On Friday, 10 days before her trial was scheduled to begin, Tracy McCarter received some welcome news: Manhattan District Attorney Alvin Bragg had announced that his office would no longer proceed with prosecuting her for murder in the death of her estranged husband.
“After carefully reviewing all the evidence and extensively discussing this matter with members of my office, I have a reasonable doubt of whether Ms. McCarter stabbed Mr. Murray with the requisite intent to support a conviction of murder in the second degree,” Bragg wrote in a November 18 letter to state Supreme Court judge Diane Kiesel, who has been presiding over the case. He also filed a motion to dismiss. (Bragg’s office declined to comment on his 11th-hour decision.)
On March 2, 2020, McCarter was arrested for the death of her husband, Jim Murray. The pair had been separated for seven months as Murray’s alcoholism had worsened, leading him to behave violently against her. That night, McCarter allowed Murray into her apartment, intending to let him sleep off his drunkenness on her couch. Instead, he demanded money and, when she refused, strangled her. McCarter grabbed a kitchen knife to ward him off and he ended up with a stab wound to his chest, from which he later died. (In legal filings, McCarter has maintained that Murray lunged, tripped, and fell on the knife.)
She was arrested and, at the request of the district attorney’s office, jailed at Rikers Island without having been indicted for six months while the Covid-19 pandemic closed all court proceedings, including grand jury hearings. In September, a grand jury indicted her on second-degree murder. She was released on electronic monitoring shortly thereafter.
McCarter’s case attracted the attention of organizers with Survived and Punished, a national network that works with criminalized and incarcerated abuse survivors. Members formed the “Stand with Tracy” campaign and attended every court hearing, often sporting bright-red campaign shirts. They also publicized her case and worked with other organizations, such as Color of Change, to press the district attorney to drop the charges.
While running for Manhattan district attorney, Bragg had tweeted his support for McCarter, stating, “Prosecuting a domestic violence survivor who acted in self-defense is unjust.”
After taking office in January, however, he continued to prosecute McCarter. His office twice attempted to reduce the charges; each time, Judge Kiesel rejected those efforts.
As I previously reported at The Nation, the past two-and-a-half years of prosecution have negatively impacted all aspects of McCarter’s life. The hospital where she had worked as a nurse placed her on unpaid leave. She applied for other nursing jobs, but background checks revealed her pending murder charge and she was not hired. The charge also prevented her from physically attending classes to complete her master’s in nursing at Columbia University. (McCarter was able to attend online courses, but was barred from entering the campus.)
Until October, however, the judge had required McCarter to remain within the city’s five boroughs, a restriction causing her to miss the out-of-state births of her two grandchildren as well as every holiday and family milestone.
Bragg’s motion, said Sean Hecker, one of McCarter’s attorneys, “has righted a grievous injustice. Tracy McCarter is an innocent survivor of domestic violence who has suffered mightily from a criminal justice system that demands change.”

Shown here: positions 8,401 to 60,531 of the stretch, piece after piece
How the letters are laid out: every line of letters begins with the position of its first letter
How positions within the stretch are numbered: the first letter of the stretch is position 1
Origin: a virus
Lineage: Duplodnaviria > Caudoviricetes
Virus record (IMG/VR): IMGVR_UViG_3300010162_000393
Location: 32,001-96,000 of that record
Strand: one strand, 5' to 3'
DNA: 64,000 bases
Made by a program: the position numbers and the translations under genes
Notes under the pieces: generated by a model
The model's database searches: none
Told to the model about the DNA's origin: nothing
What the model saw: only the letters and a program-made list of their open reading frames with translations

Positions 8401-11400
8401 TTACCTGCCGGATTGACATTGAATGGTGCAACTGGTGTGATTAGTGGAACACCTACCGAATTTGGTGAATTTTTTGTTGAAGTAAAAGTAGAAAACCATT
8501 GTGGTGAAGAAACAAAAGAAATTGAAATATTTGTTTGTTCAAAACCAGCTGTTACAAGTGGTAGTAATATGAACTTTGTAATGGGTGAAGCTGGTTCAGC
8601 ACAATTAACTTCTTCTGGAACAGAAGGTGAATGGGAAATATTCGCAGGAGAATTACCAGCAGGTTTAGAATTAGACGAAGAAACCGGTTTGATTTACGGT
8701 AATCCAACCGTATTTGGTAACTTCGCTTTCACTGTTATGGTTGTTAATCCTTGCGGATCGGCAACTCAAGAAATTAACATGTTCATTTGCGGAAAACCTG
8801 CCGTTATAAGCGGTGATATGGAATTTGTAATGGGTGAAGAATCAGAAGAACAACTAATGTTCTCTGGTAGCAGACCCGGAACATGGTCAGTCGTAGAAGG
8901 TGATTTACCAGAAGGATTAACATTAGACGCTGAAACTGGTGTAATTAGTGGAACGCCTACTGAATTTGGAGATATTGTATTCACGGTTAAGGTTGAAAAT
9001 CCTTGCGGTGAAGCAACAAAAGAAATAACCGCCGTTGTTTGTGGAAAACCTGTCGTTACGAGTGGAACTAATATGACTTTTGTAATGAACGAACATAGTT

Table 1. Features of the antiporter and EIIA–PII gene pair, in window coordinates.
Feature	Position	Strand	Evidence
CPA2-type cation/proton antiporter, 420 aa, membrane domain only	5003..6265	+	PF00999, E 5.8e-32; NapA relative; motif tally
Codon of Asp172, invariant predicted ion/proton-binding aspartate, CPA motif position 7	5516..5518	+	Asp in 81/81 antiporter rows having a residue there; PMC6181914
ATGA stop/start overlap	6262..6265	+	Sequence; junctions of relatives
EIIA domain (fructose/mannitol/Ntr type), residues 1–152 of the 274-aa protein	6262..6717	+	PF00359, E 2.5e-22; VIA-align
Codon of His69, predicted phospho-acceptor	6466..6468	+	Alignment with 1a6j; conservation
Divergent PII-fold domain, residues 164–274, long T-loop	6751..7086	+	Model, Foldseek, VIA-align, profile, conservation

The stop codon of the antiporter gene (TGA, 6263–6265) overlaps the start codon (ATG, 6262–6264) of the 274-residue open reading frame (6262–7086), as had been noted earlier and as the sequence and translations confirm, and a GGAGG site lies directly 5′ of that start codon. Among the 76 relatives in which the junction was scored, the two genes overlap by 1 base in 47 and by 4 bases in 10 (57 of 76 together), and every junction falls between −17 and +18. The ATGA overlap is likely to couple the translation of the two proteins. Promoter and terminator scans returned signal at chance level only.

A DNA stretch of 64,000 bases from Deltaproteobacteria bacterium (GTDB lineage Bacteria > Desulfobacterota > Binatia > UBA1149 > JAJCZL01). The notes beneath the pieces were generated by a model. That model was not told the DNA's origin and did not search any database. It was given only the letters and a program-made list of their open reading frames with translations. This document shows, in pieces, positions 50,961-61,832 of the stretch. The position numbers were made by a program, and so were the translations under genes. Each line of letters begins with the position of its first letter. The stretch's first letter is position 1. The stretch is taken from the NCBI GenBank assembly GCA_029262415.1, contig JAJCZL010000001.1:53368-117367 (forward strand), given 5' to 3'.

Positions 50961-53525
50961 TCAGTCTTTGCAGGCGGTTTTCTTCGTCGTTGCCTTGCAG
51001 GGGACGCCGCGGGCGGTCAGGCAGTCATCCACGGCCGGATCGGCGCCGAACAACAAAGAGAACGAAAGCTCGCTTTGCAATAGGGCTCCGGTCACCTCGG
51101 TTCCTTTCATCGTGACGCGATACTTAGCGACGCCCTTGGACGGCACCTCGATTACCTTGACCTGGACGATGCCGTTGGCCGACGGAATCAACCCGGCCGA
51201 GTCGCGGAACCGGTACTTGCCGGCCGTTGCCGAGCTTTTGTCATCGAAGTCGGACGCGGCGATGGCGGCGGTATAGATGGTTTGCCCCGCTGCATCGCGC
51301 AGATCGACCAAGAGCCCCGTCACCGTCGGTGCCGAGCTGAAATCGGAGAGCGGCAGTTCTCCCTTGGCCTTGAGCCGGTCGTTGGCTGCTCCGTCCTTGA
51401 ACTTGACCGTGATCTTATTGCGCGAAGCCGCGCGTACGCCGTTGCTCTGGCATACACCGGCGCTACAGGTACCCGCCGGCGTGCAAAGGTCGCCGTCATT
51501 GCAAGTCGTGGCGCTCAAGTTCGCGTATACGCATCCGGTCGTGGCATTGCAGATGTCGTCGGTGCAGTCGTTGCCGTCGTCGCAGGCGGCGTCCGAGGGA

But, says Leigh Goodmark, director of the University of Maryland’s Gender Violence Clinic, Bragg has only done what his office requires. “When a prosecutor believes that dismissing a prosecution is in the interest of justice, that’s what they’re supposed to do,” she told The Nation. “Prosecutors are not just supposed to care about convictions. They’re supposed to care about doing justice.”
Goodmark hopes that Bragg and other prosecutors will more carefully examine the circumstances surrounding the acts of abuse survivors before choosing to bring a case before a grand jury.
For now, McCarter and her family are relieved at what seems to be the end of a nearly three-year ordeal.
“It’s always been of the utmost importance for us to spend the holidays together,” Ariel Robbins, McCarter’s oldest child, told The Nation. But McCarter’s pending prosecution and the court-imposed restrictions on travel have prevented them from doing so for the past two years. Instead, at Christmas, Robbins, her three adult siblings, and McCarter have spent 18 hours on FaceTime.
When Bragg was elected last year, Robbins believed that her mother’s ordeal would soon be over and that it was safe to become pregnant. But the charges remained, and she gave birth without her mother present this past August.
Now, she is looking forward to resuming family holidays. “I am excited that my mom will be able to spend Cairo’s first Christmas with him,” she said. “We won’t be taking any of our time together for granted.”
Siobhan Dingwall, a member of the Stand with Tracy campaign, told The Nation that, while campaign members are relieved, the motion is the result of relentless organizing and public pressure. “We know this decision was only possible because of the tremendous pressure he felt from tens of thousands of people across the country who tirelessly demanded DA Bragg #DropHerCharges for the past nearly three years,” she wrote in a statement.
But, Dingwall continued, “Tracy should never have been arrested, charged, or prosecuted in the first place. And while DA Bragg has taken the steps necessary to drop Tracy’s charges, he must keep his campaign promise by immediately dropping charges against the countless other survivors of gender-based violence that his office is actively prosecuting.”
McCarter’s legal ordeal is not quite over. Judge Kiesel must still rule on Bragg’s motion. McCarter will appear in court on November 28 to hear whether she is really and truly free.